“But most of all, Lucy-Lou, I wish you were here with me now. That I could hold you, squeeze you and tell you how much I love you. You’re my world. I’ll watch for your star. Always.”
Sara collapsed against the podium, her legs boneless, her head smacking the microphone with a thud. The crowd’s audible gasp receded as Greg leaped to the rescue, supporting her weary body as he led her back to her seat.
Too little, too late. Where was he when their daughter needed rescuing, needed saving, needed a father?
“Sara, that was—”
“Save it,” she hissed through gritted teeth, shrugging off his comforting arm, dashing away the tears streaming from her stinging eyes.
He’d push for a reconciliation—she knew him—but hopefully somewhere during their seven-year marriage he’d learned a thing or two.
Like the fact that Sara valued actions more than words. That all the slick charm and polished promises meant little if he didn’t follow through. That love involved more than expensive floral bouquets and chocolates. That seeing him spend quality time with their daughter would’ve melted her hardened heart more than the obligatory goodnight kiss he’d plant on Lucy’s forehead when he eventually got home every evening.
Sure, he’d been supportive after Lucy died, solicitous to the point of overbearing. She’d appreciated his presence, their blinding grief the only thing to unite them. To his credit, he’d stood up in the crisis, organizing the funeral and the wake. Taking care of everything when it took all her energy to lift her head off the pillow in the morning and drag on some clothes.
But it wasn’t enough. Not when their marriage had been struggling before Lucy’s death.
The mantra echoed again through her aching head:
Too little, too late . . .
The rest of the service passed in a blur. She didn’t hear a thing apart from her silent, fervent wishes, wishes no one could hear, least of all her child lying lifeless in that damn box.
The achingly poignant rendition of Ave Maria, sung by one of Greg’s dorky colleagues, pierced her sorrow for a few moments, serving only to make her cry harder, her heart fragment further.
Then it was over.
The drive to the cemetery, the frigid wind whipping the leaves against her legs, the droning of more meaningless words by a robed priest who hadn’t known her little girl at all, the wake back at their apartment where well-wishers patted her back and kissed her cheeks and couldn’t quite look her in the eye, sapped what little energy she had until she made a run for it, slamming the bedroom door shut before collapsing on the bed.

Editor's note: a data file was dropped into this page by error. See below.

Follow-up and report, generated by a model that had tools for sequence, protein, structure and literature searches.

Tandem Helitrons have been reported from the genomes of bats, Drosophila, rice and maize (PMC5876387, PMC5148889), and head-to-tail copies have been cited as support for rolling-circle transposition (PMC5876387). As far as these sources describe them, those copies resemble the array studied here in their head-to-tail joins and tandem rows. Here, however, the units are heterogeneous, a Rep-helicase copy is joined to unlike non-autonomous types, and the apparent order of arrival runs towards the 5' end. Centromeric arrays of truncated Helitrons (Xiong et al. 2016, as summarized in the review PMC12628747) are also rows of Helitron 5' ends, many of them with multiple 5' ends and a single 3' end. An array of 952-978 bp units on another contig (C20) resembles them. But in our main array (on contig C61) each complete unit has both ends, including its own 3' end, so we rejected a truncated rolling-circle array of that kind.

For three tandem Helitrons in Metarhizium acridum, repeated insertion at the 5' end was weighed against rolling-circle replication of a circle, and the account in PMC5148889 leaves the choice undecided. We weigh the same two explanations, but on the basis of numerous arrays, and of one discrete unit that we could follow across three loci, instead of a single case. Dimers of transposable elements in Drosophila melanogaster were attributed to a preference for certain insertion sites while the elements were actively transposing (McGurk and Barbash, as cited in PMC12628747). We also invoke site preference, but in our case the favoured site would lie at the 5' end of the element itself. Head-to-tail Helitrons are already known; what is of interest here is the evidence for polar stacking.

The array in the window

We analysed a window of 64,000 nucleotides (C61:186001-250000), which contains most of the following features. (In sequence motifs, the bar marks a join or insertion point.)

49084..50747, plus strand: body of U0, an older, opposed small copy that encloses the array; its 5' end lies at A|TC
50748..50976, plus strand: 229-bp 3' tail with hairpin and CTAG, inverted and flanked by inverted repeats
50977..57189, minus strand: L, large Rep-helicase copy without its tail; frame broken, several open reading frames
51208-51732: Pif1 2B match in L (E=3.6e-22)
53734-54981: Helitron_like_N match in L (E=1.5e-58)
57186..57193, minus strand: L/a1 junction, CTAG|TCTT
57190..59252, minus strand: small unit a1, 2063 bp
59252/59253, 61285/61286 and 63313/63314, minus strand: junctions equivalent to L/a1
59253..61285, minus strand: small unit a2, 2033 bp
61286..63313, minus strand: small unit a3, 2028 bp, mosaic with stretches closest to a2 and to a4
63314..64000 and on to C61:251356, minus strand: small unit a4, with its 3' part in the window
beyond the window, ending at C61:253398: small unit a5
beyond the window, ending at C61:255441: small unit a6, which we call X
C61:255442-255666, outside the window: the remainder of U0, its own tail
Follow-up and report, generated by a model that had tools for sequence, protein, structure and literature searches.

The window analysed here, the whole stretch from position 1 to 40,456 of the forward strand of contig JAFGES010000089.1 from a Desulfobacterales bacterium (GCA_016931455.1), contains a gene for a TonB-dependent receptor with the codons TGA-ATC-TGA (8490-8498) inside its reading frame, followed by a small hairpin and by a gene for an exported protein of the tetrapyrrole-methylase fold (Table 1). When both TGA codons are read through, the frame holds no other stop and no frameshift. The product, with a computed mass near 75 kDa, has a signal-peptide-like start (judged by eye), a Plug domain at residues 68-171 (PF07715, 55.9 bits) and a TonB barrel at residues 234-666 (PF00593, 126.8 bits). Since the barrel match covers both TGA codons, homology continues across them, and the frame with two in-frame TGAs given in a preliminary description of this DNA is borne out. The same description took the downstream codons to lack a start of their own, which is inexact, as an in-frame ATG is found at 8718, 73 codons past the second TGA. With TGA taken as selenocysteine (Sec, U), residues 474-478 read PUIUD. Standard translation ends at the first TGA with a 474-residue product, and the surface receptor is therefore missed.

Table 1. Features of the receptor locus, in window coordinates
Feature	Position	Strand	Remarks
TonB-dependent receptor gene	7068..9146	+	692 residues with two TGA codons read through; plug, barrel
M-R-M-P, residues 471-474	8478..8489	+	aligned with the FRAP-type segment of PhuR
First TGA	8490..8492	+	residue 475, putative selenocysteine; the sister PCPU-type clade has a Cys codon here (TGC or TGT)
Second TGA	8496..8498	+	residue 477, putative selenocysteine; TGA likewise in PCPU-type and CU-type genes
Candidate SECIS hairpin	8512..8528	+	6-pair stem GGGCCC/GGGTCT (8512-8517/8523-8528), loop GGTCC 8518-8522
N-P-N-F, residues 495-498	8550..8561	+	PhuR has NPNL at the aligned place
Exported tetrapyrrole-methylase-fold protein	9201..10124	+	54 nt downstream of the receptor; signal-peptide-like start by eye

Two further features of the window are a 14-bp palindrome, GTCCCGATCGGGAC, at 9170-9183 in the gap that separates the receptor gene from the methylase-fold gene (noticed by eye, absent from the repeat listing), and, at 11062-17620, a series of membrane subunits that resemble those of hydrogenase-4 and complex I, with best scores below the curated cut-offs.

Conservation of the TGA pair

It took her a full two seconds to realize it wasn’t her room.
She’d stumbled into Lucy’s messy, lived-in, preschooler’s room. Stricken, she grabbed Snuffly, Lucy’s squishy, one-eared dog, and hugged him to her chest, tight. Rocking back and forth, tears spurting, sobs ripped from so far down in her soul she wondered how she’d ever continue living.
Greg slipped into the room and rested his back against the door, the distance between them indicative of the last few months—the last few years, if she was completely honest.
He held out a hand to her. “I know you’re hurting, Sara, we all are, but you—”
“Don’t you dare say I need to pull myself together.”
She jabbed a finger in his direction, clutching Snuffly with the other hand, drawing strength from the tenuous link to Lucy. Crazy, using a stuffed toy animal to face up to her husband. Giving her courage to say what should’ve been said a long time ago.
His pained expression irritated her and fed the well of resentment that bubbled from a long-festering source.
“And stop damn well looking at me like that.”
“I’m doing the best I can.” He dragged a hand through his hair, the messy blond spikes annoying when they’d once been endearing. “What do you want from me?”
“Nothing.” Even now, he didn’t have a clue. “Absolutely nothing.”
The burning anger gnawed at her, urging her to berate him, to castigate him, to hurt him as much as he’d hurt her over the years.
Then she made the mistake of glancing down at the dog, with its skewed, sewn-on red cotton eyes and button nose and lolling felt tongue. An ugly, pilled, fluffy toy with the life squeezed out of it. The memory of placing Snuffly in Lucy’s welcoming arms every night slammed into her, eradicating her fury toward her husband.
Their marriage was over. Had been over for years. With Lucy around, they had been able to pretend that they were a family. Hanging their hopes on the occasional outing together on a Sunday. The rare dinner when they all sat down at the dining table and made small talk. The fleeting moments where they made eye contact and smiled in unison over something funny Lucy had done or said.
But with Lucy gone, Sara couldn’t pretend anymore. Her love for Greg had dwindled to affection, the kind she might have for a best friend. Without Lucy, they were housemates, nothing more, and she couldn’t tolerate it any longer.
She could have said so much to him in that moment but why rehash the pain? There was enough of that going around today for everybody.
He must’ve seen something in her face, a clue to her ambivalent feelings, because he blanched.
“Sara, we can work this out—”
He took a step toward her and she held up her hand to ward him off.
“Dammit, I can’t read your mind,” he said, sounding tortured, confusion crinkling his brow.
She flinched at his harsh tone and hugged Snuffly tighter, caught his muttered curse as he jammed his hands into his pockets, shoulders drooping.
He looked as weary, as battered, as resigned as she felt, and the faintest flicker of empathy blossomed as he pinned her with his custom-made, specially-for-her, accusatory glare.
“I can’t do this anymore,” he said. “Tell me what you want.”
She wanted the one thing she’d craved since that devastating phone call had been relayed to her and ripped an irreversible, irreparable hole in her heart.
Meeting his hard, unflinching gaze, she whispered, “Redemption.”